“You are about to enter another dimension…” so intoned author and producer Rod Serling as he introduced early episodes of The Twilight Zone, and you could forgive British audiences for thinking the same thing when watching Sex Education. I realise I’m middle-aged and schools and students have all changed a lot since back in my day in the 1970s and early ’80s but still, this so bloody weird. Moordale High -the central setting of this mostly teen-revolved drama- is like no English High School I’ve ever seen, and neither are its pupils the kind of pupils I see going to and from schools during my commute, and the rural sedate setting with a vast wooded valley and lovely detached houses for millionaires is not exactly my experience of ordinary urban England.
Turns out this was quite deliberate, the show-runners aiming for a beyond-reality, culturally vague setting that is as much a period 1980s drama as it is a modern one (much of the decor look 1980s but everyone’s got mobile phones and laptops and social media inevitably plays a big part in the story), and as much an aspiration towards American iconic tv/cinema tropes (Back to the Future, Twilight, Buffy the Vampire Slayer) as it is a quaintly English story. Its a strange hybrid mash-up that is initially disorientating and even off-putting (I nearly switched it off, but am glad I stuck with it- I wonder if many British viewers actually bailed on it?). The series was actually shot last summer in Wales, which doubles the oddness, as it boasts a warm and sunny climate rather unlike our typical English weather, certainly in usual term-time, and the Welsh countryside populated by English-accented thespians in often very American-style garb and driving some rather 1980s-era vehicles just heightens the Rod Serling vibe.
But it works. Ultimately, I have to say, while its setting is a very strange, surreal alternate reality that threatens to slap British viewers, particularly, in the face (I’m sure American viewers don’t even blink, they probably think this is just how we live over here) once you acclimatise to it, it’s kind of crazy but it works.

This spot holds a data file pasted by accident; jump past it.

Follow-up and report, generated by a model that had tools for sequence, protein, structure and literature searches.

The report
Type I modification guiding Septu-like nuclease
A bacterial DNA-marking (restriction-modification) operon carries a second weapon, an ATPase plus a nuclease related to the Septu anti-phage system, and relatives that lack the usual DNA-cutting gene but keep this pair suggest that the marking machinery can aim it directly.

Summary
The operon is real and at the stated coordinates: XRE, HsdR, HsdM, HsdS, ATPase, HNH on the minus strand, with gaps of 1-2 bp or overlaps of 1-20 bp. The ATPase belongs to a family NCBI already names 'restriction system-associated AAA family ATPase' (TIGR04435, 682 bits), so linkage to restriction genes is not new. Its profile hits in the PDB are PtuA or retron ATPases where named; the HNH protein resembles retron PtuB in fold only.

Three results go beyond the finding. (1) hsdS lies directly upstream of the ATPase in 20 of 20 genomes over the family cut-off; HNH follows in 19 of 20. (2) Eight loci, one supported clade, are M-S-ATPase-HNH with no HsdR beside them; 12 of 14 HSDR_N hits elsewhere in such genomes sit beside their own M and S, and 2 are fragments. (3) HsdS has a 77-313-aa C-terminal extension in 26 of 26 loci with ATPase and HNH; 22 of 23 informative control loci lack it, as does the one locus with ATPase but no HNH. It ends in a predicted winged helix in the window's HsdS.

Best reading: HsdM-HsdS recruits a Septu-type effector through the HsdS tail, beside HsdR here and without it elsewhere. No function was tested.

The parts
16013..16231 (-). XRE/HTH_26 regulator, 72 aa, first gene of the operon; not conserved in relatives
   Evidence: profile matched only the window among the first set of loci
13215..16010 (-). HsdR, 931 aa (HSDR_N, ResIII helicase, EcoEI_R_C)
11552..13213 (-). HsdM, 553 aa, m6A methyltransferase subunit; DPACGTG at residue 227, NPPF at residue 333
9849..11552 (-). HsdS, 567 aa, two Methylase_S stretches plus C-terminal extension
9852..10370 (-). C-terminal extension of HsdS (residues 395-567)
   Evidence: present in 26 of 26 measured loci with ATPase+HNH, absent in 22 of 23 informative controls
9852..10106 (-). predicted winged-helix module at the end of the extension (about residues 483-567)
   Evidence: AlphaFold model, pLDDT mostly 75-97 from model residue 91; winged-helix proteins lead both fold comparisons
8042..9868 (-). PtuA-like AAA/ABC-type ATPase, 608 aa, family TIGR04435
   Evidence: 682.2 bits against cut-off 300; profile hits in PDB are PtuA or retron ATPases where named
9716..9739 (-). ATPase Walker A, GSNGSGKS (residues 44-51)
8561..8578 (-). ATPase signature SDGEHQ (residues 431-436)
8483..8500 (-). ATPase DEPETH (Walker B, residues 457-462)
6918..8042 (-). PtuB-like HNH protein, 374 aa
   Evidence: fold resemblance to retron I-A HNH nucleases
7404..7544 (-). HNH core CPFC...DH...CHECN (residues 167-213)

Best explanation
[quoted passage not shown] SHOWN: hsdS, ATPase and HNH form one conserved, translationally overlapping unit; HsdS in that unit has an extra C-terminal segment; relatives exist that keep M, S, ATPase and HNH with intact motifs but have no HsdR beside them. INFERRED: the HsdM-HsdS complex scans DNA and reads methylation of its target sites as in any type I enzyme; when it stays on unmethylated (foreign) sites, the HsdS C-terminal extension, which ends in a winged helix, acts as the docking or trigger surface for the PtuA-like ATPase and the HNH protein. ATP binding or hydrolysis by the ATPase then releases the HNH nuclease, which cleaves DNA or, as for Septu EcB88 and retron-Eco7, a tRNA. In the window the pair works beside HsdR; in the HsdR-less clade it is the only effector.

Neither is Sex Education as brazen or coarse or exploitative as you might expect, and maybe the strange otherworldly setting is a deliberate strategy towards that. Once it settles in past its second episode, it actually tones down much of the sexual aspects and becomes a really enjoyable and quite involving teen romance/comedy mash-up of so many old favourites and tropes it’s a whole lot of fun. Its a love story between two teenagers in the grand ‘will-they-won’t-they’ tradition of so many dramas and soaps, it’s also the love stories between two male friends, between a son and his sex-therapist mother, between school friends and lovers, long-term and casual, straight and lesbian. Its about relationships in general and all the messy stuff growing up and discovering who and what we are- which probably makes it sound more sophisticated than it really is, but nevermind.
Its a much better series than I expected it to be. Its so much its own thing you just end up going along with it, and a lot of that is thanks to the cast, who are very good (the casting department did great things with this show). Gillian Anderson, of course, is no stranger to playing therapists and could probably play this role in her sleep, really, as its making few real demands on her, but her sense of comic timing is really fine. Asa Butterfield plays her frustrated-but-with-a-heart-of-gold son Otis, and he’s great (I have to wonder if he was considered for Villeneuve’s Dune because he looks a sure fit for Paul). Emma Mackey’s character Maeve is possibly the emotional core of the whole show, and Mackey is certain for bigger and better things on the strength of her performance here. Likewise I’m sure we’ll sure a great future career from Ncuti Gatwa, who is terrific as Otis’ best friend, Eric, a flamboyant gay black kid from a conservative family who has a great arc through the series and nearly steals the show from everyone around him. There’s many other performers of the cast that I could mention here, but on the whole it’s a fantastic ensemble that just works, and its evident they must have all had a blast working on it- the show is full of such enthusiasm and joy and its quite infectious.
So another great show from Netflix then. Great writing, a great cast, some great deft and sensitive direction, there’s such a lot going for it and I dearly hope for a second season, as I’d love to see where these characters go from the teasing season finale.